The public would vote with with their feet and the mega-banks would lose their retail depositors, and also the implicit guarentee that tax payers would bail them out.

    Pity it'll never happen...

  • Comment number 7.

    The regulators have already lost the war and institutions are still playing the risk game.

    Banks have already moved so far into commodities and other unregulated products that they couldn't get out, without crashing entire nation state economies, even if they had to.

    As for loans both from and to Governments - who depends on them more?

    I think we know the answer to that - which is why Governments will back down to the "financial blackmail" that can be imposed, should the banks choose to do so.

    ps. if intelligence specialists reckoned that Egypt would not ignite, who ( or what) did "light the match"?

    just whose interests does it serve?
    Not Israel, not Europe, not France and certainly not the UK - judging by our "levels of banking exposure"!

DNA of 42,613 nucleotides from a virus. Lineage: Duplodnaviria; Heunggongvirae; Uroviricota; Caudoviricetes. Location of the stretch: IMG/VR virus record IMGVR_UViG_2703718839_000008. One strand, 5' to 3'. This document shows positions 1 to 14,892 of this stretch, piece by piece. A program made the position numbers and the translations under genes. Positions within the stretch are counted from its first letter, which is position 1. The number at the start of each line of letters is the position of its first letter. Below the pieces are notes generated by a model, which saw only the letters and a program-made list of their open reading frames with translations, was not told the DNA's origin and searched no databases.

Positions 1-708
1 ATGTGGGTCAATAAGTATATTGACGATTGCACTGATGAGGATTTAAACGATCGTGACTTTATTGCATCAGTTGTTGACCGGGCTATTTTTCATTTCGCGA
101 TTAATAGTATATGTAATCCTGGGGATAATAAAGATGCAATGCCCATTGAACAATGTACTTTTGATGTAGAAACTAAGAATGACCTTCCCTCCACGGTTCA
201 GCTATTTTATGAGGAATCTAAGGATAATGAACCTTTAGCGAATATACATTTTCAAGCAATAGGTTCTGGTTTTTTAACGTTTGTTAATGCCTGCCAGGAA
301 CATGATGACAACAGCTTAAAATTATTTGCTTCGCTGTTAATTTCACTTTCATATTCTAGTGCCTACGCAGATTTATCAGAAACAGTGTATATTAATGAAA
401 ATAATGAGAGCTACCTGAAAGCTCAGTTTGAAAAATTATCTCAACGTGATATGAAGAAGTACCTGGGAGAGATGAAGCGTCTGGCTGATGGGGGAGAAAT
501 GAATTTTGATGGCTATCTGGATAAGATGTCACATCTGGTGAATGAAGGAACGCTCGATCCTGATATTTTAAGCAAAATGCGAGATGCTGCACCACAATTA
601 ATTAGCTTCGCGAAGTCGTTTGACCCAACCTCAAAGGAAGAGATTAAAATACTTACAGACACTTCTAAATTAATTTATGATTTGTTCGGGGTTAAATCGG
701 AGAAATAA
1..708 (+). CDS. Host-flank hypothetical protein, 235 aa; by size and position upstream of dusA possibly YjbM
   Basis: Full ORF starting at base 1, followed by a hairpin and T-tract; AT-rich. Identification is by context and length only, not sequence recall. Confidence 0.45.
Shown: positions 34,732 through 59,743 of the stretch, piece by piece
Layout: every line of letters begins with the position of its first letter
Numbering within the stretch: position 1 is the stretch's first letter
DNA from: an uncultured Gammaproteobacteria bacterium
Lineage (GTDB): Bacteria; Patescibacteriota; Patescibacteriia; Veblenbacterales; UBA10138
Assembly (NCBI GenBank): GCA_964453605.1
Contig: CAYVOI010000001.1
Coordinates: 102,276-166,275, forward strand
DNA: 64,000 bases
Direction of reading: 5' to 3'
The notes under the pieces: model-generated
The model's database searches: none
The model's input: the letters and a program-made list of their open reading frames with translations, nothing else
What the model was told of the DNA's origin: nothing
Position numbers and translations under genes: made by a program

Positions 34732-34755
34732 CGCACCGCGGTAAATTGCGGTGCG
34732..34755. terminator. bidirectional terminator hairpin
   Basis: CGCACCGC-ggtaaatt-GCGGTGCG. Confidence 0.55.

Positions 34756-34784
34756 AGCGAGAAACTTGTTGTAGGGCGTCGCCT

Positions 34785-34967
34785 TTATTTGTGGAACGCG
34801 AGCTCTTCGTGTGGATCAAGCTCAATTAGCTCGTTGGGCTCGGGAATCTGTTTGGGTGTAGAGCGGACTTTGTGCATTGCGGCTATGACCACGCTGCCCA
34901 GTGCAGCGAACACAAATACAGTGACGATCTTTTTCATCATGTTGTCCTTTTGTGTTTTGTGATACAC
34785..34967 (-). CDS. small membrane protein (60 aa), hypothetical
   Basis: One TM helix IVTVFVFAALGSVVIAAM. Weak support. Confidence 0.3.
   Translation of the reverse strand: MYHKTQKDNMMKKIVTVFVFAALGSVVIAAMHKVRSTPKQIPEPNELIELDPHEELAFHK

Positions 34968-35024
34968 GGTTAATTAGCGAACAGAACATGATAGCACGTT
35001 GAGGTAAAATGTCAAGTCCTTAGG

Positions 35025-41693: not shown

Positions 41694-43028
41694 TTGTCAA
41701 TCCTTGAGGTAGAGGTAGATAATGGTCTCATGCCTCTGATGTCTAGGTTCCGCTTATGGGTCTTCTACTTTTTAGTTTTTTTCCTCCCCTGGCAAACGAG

its ok to be wary of the "powerbrokers" you can see, but be especially wary of those acting against nation states, for financial gain!

  • Comment number 8.

    So if the masters of the universe think its impossible to split the banks into retail and casino then what are the alternative's?

    Maybe one possibility is for the government to start a new 'retail only' bank and the public can then make the split by simply moving their money.

    How about 'The national Bank'.

  • Comment number 9.

    Are we still living in a consensual democracy? Over 80% of the Country insist on reform of the banking system.

    The few thousand bankers are not as powerful as the 20 million ordianriy households who DEMAND things change.